Joseph of Arimathea – a Glastonbury Legend
By the late 15th century there was a story circulating that Joseph had brought two silver flasks containing Christ’s blood and sweat to Britain, and that these two relics were buried in his grave. This tale has shades of the legendary Holy Grail, though there is no record of any shrine marking the spot of the grave, which there surely would have been if the incident had any basis in fact. Another variation on this theme mentions that Joseph buried the Holy Grail underneath Glastonbury Tor at the entrance to the Underworld, after which a spring, now known as Chalice Well, began flowing and its water brought eternal youth to whoever drank it.
Perhaps the most famous legend concerning Joseph of Arimathea and Glastonbury tells of him bringing the Holy Thorn to the town. According to one version of the story, Joseph is said to have sailed over the flooded Somerset Levels to Glastonbury, where he planted his wooden staff in the ground. The staff then miraculously flowered into the Glastonbury Thorn – (Crataegus monogyna ‘Biflora’) – a variety of the common hawthorn which flowers twice annually, once in spring and again around Christmas time.
The Glastonbury Thorn apparently attracted pilgrims during the Middle Ages, but was unfortunately chopped down during the English Civil War (1642-1651) by the Puritans (supporters of Parliament as opposed to the King) who disapproved of superstitious relics. In one tale the roundhead (puritan) soldier who destroyed the tree was blinded by a flying splinter.
Fortunately, cuttings of the original Holy Thorn were taken and planted elsewhere in Glastonbury, and some survive today in the grounds of Glastonbury Abbey, St Johns Church and at Chalice Well. Every year at Christmas a sprig of the Glastonbury Thorn is cut by the local Church of England priest and the eldest pupil from St Johns school and sent to the Queen. This custom apparently dates back to the time of King James I of England (1566-1625), when James Montague, Bishop of Bath and Wells, sent a branch to Anne of Denmark, queen consort of James I.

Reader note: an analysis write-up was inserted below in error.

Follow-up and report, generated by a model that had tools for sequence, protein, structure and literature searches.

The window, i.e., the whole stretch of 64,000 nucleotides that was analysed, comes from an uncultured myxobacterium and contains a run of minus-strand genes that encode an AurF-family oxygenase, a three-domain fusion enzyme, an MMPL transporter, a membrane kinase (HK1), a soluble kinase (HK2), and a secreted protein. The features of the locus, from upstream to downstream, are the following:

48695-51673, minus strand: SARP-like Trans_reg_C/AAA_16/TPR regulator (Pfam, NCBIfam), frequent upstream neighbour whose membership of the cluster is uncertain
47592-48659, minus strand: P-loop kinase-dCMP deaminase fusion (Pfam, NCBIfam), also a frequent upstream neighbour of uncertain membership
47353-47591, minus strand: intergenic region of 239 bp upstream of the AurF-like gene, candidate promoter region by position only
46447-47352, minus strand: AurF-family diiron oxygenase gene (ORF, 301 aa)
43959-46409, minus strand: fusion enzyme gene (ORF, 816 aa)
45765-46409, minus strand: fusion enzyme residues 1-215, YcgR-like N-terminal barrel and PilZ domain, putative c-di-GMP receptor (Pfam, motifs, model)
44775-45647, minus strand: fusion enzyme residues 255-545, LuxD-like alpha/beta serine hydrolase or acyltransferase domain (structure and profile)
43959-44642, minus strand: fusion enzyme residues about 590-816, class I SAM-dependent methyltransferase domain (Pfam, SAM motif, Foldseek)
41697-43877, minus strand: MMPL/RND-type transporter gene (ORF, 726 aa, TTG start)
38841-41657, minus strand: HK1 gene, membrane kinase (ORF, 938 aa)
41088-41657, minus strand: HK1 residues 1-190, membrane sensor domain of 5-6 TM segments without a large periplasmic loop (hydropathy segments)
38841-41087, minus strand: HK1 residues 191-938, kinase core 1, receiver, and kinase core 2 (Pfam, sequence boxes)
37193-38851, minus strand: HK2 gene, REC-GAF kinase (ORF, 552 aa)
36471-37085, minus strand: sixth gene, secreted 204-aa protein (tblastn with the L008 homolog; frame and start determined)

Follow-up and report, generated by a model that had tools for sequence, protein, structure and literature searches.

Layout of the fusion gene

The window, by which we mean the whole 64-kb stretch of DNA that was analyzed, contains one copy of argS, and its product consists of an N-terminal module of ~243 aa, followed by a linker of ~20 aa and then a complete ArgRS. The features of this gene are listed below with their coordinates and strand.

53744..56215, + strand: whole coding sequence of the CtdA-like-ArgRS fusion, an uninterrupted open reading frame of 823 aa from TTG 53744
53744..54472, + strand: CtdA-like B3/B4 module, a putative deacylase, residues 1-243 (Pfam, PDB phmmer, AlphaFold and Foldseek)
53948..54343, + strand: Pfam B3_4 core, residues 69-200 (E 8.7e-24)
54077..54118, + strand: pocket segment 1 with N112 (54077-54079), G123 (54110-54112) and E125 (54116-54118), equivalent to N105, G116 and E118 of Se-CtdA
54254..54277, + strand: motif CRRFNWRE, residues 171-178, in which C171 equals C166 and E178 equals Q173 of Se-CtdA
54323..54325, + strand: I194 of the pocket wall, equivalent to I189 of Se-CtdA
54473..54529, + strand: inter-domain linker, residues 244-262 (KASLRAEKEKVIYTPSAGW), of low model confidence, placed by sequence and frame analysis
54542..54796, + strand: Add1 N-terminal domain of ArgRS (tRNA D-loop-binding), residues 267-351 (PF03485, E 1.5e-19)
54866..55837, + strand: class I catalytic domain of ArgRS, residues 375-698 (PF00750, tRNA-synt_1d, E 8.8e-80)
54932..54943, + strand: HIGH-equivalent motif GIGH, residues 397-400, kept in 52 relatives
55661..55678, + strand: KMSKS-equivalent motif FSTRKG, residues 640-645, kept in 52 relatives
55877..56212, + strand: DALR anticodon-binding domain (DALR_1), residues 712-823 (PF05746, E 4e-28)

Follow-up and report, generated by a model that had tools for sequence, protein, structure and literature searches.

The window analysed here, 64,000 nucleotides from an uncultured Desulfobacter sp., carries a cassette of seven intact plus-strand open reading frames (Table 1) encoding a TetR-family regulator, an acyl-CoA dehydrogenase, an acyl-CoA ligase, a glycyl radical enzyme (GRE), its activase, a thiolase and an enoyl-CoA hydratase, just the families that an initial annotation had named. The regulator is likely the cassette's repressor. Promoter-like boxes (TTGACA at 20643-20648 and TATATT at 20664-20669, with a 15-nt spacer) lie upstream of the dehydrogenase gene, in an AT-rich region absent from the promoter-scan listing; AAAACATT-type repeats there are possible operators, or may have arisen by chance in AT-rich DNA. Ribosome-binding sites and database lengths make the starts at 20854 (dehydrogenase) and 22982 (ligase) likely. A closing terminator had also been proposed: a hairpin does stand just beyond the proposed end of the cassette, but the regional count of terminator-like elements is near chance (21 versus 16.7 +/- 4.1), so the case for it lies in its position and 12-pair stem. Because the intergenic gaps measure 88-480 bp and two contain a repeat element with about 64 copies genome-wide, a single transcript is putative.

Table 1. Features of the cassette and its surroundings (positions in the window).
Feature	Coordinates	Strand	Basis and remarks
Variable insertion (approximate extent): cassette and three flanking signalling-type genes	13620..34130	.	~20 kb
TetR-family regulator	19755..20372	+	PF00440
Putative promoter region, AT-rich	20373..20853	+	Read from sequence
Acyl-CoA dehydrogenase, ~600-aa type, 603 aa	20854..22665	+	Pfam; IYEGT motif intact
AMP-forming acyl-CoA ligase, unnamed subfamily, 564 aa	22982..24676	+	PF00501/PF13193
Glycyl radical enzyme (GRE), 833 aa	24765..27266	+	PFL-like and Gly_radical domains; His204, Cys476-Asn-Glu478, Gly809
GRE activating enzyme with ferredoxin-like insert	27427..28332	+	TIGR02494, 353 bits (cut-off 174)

In 1965 Queen Elizabeth II erected a large wooden cross amid the ruins of Glastonbury Abbey which reads: “The cross. The symbol of our faith. The gift of Queen Elizabeth II marks a Christian sanctuary so ancient that only legend can record its origin.”
Current research suggests that the origins of the Glastonbury Thorn story do not go back any further than a poem of 1502, which mentions three hawthorns on Wirral (Wearyall) Hill, which flowered at Christmas. By 1645 it was said by some that the Holy Thorn had grown from a thorn taken by Joseph from the Crown of Thorns. Hearse’s History and Antiquities of Glastonbury (1722) describes a Mr. Eyston being given information on the Thorn by a local innkeeper: